So buzz on over the the Artologica Etsy Shop and buy a colorful piece for Valentines Day or some other occasion. You will not regret it!

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The Real Problem with Marie Curie

Nov 18 2013 Published by under [Science in Society]

So hot...like radioactive...

The internet went all a-twitter over the weekend about a video posted by Joe Hanson (@jtotheizzoe) in which he imagines the scientist bobble-heads in his collection joining him for Thanksgiving dinner. In it, the Einstein bobble-head repeatedly makes sexual advances toward the Curie figure, assaulting her at the end of the piece.  Certainly tasteless, even with bobble-heads, especially given recent events in the world of online science communication. Sophomoric? Certainly. Criminal? Hardly.

This video is part of Hanson's work for PBS Digital Studios, an ongoing series called It's Okay to be Smart. I am still unclear what this video had to do with Thanksgiving, being smart, or anything else, other than an excuse to play with bobble-heads. An apology eventually appeared, but the video remains on the internet. I wish PBS would take it down, but they haven't. There have been calls to fire Hanson. That seems a bit over-the-top to me, but then I watch Family Guy.

Then it came out that Joe Hanson will be moderating a session at Science Online in 2014. Moderaters were selected weeks ago; those in control could not have anticipated this unfortunate turn of events. At this point I tweeted a tongue-in-cheek suggestion that we dress up as Curie and beat the snot out of him at his session. I imagined a group of 20 bobble-head look-alikes coming at him...well, my attempt at humor also bombed. Repeated tweets have called for a serious, non-violent response.

It's kind of like TSA began running twitter: "Do not joke about weapons on the plane" or violence at the unconference.

What I would like to point out is the real problem here: Marie Curie is the only female bobble-head! In that setting, gender becomes the most obvious characteristic of the bobble-head. Why should the male bobble-heads consider her scientific accomplishments when she is merely the token woman? Clearly, her only raison d'etre must be her sex! In real life, such tokenism contibutes to an environment that permits marginalization of women (and other minorities) and likely contibutes to harassment. Does that excuse Einstein's douchebaggery? Hell no - dudes (even resin bobble-heads) should be able to keep their pants on and zipped! But the dynamics would have been different had Rosalind Franklin, Gerty Cori, and Linda Buck bobble-heads joined the party. Why can't I buy bobble-heads of these Nobel laureates? It's like Marie Curie is the only woman scientist ever!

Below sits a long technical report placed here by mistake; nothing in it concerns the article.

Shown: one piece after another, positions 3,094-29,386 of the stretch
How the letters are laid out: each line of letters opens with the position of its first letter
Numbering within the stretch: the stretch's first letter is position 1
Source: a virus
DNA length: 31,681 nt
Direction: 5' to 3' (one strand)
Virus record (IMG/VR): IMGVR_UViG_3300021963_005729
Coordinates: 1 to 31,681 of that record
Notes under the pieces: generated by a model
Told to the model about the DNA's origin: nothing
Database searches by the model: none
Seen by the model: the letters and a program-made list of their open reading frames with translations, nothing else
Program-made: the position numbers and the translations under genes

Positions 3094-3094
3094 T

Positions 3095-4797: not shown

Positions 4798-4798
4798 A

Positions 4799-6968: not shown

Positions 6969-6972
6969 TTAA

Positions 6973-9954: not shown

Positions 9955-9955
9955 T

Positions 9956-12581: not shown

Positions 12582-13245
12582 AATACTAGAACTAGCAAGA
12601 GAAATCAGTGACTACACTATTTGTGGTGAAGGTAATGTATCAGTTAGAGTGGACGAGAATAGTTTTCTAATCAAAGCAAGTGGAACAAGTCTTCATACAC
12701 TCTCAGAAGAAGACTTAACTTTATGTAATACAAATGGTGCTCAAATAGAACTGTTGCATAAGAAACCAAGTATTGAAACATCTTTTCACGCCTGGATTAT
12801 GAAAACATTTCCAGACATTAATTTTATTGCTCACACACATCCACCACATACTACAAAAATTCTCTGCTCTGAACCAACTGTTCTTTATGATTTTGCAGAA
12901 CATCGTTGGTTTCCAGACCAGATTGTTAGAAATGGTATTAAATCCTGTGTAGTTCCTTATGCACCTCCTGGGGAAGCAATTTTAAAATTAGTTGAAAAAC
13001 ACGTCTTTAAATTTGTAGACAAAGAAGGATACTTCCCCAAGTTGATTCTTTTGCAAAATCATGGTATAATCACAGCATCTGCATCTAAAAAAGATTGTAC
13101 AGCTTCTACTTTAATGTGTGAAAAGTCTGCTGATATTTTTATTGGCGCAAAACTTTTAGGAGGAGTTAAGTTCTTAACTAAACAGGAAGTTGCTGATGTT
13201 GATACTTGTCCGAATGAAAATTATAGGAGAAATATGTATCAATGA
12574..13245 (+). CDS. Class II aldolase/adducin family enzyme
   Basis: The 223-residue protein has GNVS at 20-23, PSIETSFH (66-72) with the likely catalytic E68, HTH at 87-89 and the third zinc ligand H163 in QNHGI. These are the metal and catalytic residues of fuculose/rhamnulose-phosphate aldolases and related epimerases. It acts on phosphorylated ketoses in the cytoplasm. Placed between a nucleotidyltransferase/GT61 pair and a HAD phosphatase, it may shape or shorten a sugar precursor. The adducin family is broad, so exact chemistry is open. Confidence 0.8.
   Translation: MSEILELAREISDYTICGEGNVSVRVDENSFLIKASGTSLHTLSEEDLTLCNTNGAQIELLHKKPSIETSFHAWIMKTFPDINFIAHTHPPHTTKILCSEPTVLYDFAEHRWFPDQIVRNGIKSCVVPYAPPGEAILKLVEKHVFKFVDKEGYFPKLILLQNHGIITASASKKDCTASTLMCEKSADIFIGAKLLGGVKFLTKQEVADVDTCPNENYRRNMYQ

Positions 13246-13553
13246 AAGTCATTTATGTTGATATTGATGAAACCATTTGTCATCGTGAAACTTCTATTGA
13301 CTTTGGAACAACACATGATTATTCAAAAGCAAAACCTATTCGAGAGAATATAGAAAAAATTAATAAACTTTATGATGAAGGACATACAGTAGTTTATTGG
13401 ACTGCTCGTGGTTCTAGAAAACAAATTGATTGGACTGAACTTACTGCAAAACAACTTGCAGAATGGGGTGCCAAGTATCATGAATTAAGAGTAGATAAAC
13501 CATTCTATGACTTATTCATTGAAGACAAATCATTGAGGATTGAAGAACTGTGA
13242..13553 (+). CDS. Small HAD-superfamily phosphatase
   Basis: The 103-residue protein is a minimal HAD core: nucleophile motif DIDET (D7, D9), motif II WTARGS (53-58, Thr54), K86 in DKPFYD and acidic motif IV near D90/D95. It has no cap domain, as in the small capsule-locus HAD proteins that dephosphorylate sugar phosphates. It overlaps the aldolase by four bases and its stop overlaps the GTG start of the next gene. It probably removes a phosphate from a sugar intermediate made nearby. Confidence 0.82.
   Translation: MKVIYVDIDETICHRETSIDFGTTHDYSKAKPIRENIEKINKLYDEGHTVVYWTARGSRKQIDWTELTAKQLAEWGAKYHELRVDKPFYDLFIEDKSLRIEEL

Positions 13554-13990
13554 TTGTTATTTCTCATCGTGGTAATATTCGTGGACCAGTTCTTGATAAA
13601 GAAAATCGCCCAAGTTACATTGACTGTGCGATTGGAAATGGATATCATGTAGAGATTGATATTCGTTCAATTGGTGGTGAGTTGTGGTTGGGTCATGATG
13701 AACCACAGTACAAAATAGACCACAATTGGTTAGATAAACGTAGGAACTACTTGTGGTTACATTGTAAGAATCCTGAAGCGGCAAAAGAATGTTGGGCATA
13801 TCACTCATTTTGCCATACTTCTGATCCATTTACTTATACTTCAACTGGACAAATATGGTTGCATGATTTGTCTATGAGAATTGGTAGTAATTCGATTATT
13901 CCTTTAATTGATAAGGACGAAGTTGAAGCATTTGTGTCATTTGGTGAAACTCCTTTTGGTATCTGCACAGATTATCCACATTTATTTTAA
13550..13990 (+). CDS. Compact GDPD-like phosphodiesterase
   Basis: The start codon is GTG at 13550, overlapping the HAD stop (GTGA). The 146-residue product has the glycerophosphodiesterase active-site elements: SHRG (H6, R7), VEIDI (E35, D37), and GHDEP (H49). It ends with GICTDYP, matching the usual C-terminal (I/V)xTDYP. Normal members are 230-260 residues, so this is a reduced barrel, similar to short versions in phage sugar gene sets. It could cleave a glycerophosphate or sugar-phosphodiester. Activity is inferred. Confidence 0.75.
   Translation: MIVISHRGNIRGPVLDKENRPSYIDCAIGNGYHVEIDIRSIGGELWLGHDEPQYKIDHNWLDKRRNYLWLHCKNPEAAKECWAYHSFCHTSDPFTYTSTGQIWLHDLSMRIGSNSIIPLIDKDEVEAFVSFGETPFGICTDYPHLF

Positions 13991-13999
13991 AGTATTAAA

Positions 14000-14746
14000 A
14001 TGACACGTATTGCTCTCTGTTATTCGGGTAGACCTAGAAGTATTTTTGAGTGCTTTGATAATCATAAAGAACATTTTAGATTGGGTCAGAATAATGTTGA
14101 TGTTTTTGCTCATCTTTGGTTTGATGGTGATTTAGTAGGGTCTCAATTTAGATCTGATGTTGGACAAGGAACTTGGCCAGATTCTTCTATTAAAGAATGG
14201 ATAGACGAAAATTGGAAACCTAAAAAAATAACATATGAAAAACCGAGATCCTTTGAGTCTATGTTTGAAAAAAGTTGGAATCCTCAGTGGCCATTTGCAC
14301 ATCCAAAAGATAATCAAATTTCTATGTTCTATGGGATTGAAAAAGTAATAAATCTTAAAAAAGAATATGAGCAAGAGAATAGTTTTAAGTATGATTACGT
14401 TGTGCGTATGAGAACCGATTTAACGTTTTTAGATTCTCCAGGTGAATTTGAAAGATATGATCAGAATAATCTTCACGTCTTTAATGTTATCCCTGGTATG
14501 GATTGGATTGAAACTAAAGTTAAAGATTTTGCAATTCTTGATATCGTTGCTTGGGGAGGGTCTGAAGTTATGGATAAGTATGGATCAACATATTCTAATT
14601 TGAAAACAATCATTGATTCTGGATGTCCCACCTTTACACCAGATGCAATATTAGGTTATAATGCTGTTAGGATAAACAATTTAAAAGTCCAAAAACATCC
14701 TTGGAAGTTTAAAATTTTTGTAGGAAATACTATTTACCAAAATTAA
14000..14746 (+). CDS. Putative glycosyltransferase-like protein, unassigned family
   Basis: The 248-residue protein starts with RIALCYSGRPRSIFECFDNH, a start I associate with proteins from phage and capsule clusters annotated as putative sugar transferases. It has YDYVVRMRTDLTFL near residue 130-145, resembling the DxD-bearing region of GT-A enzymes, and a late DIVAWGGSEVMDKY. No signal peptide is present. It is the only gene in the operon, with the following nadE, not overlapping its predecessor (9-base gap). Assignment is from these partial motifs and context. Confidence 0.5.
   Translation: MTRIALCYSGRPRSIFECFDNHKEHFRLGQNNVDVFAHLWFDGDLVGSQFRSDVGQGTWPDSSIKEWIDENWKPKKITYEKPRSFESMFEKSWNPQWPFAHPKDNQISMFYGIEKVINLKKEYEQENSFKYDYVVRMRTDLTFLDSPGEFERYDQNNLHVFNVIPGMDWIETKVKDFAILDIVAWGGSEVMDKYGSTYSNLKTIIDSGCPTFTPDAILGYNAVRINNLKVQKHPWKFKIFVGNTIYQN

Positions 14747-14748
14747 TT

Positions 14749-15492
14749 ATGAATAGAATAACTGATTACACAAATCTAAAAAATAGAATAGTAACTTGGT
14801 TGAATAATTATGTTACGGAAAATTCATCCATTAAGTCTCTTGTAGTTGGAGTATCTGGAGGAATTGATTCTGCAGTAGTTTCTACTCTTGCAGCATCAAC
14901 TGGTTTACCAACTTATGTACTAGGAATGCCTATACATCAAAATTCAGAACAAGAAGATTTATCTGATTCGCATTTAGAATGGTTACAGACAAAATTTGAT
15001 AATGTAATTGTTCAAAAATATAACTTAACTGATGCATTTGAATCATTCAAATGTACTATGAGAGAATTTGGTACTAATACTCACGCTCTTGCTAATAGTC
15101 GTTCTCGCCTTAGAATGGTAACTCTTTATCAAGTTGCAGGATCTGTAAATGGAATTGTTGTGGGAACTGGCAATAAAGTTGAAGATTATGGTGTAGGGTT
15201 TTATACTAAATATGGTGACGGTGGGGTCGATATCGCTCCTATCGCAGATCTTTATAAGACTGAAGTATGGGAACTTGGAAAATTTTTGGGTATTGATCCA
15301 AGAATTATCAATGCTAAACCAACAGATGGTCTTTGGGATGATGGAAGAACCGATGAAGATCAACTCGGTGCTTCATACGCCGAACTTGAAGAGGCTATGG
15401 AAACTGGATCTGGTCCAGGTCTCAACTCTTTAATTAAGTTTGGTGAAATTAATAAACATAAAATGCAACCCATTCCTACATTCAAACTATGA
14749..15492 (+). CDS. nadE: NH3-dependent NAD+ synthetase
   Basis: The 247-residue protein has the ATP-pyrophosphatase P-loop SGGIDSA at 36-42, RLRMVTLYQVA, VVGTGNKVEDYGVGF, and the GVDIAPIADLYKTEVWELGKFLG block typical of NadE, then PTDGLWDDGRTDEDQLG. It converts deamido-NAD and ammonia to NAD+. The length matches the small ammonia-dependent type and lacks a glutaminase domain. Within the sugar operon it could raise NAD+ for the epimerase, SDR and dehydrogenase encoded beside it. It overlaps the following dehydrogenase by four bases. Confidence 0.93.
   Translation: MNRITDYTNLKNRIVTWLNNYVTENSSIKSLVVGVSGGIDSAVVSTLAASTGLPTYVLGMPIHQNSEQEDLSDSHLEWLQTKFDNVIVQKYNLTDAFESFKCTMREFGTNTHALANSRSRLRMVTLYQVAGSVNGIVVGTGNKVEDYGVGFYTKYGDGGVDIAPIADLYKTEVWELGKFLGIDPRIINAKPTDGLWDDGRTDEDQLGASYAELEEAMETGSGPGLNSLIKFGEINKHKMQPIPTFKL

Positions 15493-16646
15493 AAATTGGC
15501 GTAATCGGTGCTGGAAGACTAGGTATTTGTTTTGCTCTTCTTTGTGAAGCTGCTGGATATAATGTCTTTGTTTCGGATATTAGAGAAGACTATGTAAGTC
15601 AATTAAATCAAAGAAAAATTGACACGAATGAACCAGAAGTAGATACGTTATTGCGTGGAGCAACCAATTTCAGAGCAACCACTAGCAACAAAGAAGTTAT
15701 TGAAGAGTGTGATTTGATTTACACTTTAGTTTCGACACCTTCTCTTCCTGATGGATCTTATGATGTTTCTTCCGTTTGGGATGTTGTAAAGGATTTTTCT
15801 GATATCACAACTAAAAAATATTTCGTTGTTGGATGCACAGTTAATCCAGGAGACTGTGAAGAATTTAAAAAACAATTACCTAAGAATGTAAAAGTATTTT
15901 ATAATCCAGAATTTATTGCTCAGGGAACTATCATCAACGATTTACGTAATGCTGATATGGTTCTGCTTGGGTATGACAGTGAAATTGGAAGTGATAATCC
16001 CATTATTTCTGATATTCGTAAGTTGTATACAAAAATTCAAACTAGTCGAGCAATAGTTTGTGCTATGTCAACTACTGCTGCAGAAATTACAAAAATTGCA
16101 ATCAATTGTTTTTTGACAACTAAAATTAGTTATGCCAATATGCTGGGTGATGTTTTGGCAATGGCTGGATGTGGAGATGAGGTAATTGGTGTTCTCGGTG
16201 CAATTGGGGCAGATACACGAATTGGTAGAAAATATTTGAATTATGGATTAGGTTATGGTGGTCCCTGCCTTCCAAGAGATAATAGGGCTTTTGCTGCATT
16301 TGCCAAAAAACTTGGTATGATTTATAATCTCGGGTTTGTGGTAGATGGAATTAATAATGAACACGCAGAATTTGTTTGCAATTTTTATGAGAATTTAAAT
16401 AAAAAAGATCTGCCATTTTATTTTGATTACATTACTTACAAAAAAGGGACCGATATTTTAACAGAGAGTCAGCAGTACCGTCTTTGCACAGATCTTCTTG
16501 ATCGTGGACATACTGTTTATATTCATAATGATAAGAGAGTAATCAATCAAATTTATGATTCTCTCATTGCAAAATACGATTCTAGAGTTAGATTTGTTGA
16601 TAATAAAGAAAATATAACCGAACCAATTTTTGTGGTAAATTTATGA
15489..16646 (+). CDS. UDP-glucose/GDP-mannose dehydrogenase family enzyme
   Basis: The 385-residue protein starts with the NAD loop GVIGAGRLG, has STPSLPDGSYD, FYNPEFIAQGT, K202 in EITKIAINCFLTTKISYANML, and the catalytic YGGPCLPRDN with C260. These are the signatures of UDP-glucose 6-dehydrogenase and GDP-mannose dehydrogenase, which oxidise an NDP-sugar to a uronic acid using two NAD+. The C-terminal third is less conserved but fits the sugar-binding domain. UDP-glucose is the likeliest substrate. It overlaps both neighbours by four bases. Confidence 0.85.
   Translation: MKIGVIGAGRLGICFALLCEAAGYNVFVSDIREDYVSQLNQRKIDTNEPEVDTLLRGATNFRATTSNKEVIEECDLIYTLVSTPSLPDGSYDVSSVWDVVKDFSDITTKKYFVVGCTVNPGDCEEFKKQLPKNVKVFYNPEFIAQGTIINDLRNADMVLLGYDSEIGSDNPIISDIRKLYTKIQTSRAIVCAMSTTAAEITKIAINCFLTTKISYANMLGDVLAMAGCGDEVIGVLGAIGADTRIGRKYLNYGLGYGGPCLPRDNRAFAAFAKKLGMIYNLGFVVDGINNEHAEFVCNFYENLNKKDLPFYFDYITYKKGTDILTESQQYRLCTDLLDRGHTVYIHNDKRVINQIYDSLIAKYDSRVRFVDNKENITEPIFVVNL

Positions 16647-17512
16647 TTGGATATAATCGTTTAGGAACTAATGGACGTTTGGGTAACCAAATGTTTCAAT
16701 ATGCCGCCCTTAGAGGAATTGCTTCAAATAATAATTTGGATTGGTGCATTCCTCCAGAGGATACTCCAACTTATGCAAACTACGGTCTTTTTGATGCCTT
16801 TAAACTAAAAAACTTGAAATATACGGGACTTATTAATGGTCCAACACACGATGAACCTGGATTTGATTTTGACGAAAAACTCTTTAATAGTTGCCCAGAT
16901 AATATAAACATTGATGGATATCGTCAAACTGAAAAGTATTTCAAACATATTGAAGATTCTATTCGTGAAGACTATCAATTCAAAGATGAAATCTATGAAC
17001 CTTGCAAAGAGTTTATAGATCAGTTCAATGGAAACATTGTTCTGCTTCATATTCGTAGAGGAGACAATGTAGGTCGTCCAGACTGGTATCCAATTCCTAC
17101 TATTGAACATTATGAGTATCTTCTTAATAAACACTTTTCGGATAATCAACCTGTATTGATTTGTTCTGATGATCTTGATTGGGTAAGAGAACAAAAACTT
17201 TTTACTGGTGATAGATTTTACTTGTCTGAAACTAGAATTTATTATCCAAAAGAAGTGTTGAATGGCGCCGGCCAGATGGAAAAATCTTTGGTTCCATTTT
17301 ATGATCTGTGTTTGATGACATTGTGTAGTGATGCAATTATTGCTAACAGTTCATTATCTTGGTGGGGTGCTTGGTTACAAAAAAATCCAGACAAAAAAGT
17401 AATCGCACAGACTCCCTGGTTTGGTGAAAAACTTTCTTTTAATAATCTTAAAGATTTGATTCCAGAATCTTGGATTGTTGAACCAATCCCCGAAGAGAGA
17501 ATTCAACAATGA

So perhaps we should all step back and take a deep breath. We have an episode here that illustrates a lot of issues that lead to a hostile environment for women in science. No one has been physically harmed, although good taste was violated. Let's use this episode to learn and grow, rather than blame and shame.

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Why I Will Be There: #Scio14

Nov 15 2013 Published by under [Information&Communication]

Thursday I did something I have never done before; I sat at my computer waiting for 2:00 pm CST when I could start clicking the link for Science Online Together 2014. All went well for me, and I will be returning to Raleigh in February for another round of the unconference.

Some have recently made clear their intentions to not be at the upcoming gathering (see here and here). Several factors entered into my alternate decision.

I came to Science Online at a different point in my journey from many others. I had scaled the rarified heights of academia to become a tenured full professor. As I embarked on a new journey, to create a news magazine for the American Society of Nephrology, I needed to learn about new-fangled things like blogging and Facebook and Twitter. Science Online 2011, my virgin year, gave me insights into the interactions possible between academic and popular media, as well as the potential interplay of Web 2.0 content and the dead tree media of my youth. That was the last really "small" Science Online, with our venue at Sigma Xi bursting with energy. I felt like I met most of the attendees at some point in time, and I learned a lot that has been put to work in my professional life. Sessions on narrative structure and writing tools have enriched my work as well. I now give talks to faculty about ways to get writing done, much of which is information intially gathered via Science Online sessions. I have recruited several articles for ASN Kidney News from Science Online participants. The magazine also hires journalists for events, so some of these are paying gigs for the freelancers in the crowd!

I also have a guilty secret. One of the reasons I love academic medicine is my love of writing. Had I not been a doctor, I likely would have majored in English and ultimately gone on to an advanced writing degree of some sort. Most academics do not understand this attitude; they hate the writing, even while acknowledging its role in their success. Attending Science Online was like visiting the Mother Ship. All of these people who liked science and writing existed! I was not alone! I also love it now when my husband likes a book, and I can say I have met the author.